(733f) Understanding What Makes Mathematical Modeling Hard for Capstone Design Students

Authors: 
Cole, J., Northwestern University



Mathematical modeling is a practical skill from which engineering students can benefit.  This is especially true in capstone design, where open-ended, analytically complex problems are often solved by innovatively applying engineering fundamentals from previous coursework.  Ideally students would break down the components or systems within a proposed design solution into distinct elements.  The fundamental relationships between the elements could be examined, manipulated, and put into mathematical representation.  The resulting mathematical models would then be used to test assumptions about the components or find the limitations of the system. 

However, in our experience and in our research we have found that students are not adept at applying mathematical engineering fundamentals to open-ended design problems.  More often students take a “trial and error” approach, preferring to match up their open-ended design problem to several somewhat similar problems encountered in previous coursework until they get an answer that seems to provide a reasonable solution.  Little effort is made by the students to understand the fundamental behaviors governing the elements in their system or what a reasonable output looks like.  Instructors often see this when students use process modeling software, such as Aspen.  Students may enter process conditions and constraints that may not make sense but lead to a converged solution.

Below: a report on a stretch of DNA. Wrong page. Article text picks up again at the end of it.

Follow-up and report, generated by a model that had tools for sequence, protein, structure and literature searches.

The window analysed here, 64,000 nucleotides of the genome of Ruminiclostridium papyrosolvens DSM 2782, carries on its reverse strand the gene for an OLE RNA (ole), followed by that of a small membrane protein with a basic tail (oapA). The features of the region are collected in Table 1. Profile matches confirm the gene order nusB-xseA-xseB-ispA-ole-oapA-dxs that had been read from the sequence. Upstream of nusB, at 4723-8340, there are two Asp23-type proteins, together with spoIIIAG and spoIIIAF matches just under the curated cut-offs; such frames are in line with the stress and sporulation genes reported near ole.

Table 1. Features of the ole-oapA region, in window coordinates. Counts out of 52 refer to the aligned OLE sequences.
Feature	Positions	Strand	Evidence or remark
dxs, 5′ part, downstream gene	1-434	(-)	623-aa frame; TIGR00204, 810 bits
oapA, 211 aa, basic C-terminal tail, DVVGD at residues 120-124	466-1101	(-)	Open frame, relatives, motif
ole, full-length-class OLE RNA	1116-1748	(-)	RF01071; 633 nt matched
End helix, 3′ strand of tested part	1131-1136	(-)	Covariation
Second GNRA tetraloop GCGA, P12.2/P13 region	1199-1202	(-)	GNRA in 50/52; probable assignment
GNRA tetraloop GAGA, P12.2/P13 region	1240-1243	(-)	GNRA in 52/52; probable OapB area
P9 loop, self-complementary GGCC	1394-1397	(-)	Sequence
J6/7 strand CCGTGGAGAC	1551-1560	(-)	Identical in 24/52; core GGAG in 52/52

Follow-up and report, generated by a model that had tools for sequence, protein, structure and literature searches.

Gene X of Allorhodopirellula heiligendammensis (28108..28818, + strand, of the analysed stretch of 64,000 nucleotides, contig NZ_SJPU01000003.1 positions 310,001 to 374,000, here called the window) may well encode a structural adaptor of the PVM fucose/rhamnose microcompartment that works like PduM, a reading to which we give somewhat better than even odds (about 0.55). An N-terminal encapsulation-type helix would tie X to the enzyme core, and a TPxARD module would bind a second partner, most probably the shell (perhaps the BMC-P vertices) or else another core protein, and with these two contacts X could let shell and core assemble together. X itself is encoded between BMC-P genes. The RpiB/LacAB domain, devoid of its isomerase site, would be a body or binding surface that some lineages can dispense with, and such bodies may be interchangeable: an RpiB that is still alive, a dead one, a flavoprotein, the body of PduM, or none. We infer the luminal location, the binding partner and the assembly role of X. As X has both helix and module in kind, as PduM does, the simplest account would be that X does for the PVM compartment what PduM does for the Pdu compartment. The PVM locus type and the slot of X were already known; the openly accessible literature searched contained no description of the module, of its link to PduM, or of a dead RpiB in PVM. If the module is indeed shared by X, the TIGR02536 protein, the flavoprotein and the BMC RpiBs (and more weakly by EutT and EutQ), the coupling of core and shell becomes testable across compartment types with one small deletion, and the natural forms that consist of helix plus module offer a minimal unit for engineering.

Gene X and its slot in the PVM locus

This project investigated students’ abilities to generate mathematical models that they can use in the development of innovative design solutions to open-ended problems. In particular, we studied how students’ approached creating, solving, and interpreting mathematical models in a chemical engineering capstone design course.  Two modeling problems were analyzed in this study.  The first was a simple optimization problem and the second was a simulation of a distillation column in Aspen HYSYS.  The instruction and the modeling problems were broken down into steps, from defining the model elements to generating the mathematical equations and interpreting model outputs.  Student performance was measured on each of these steps, in order to determine what aspects of mathematical modeling were the most difficult.

Our research has shown that students struggle with creating, manipulating, and critiquing mathematical models to assist in the design of a product or process.  The results of this work will be presented in this paper and will be used to revise instruction in order to improve students’ abilities in mathematical modeling in the context of design.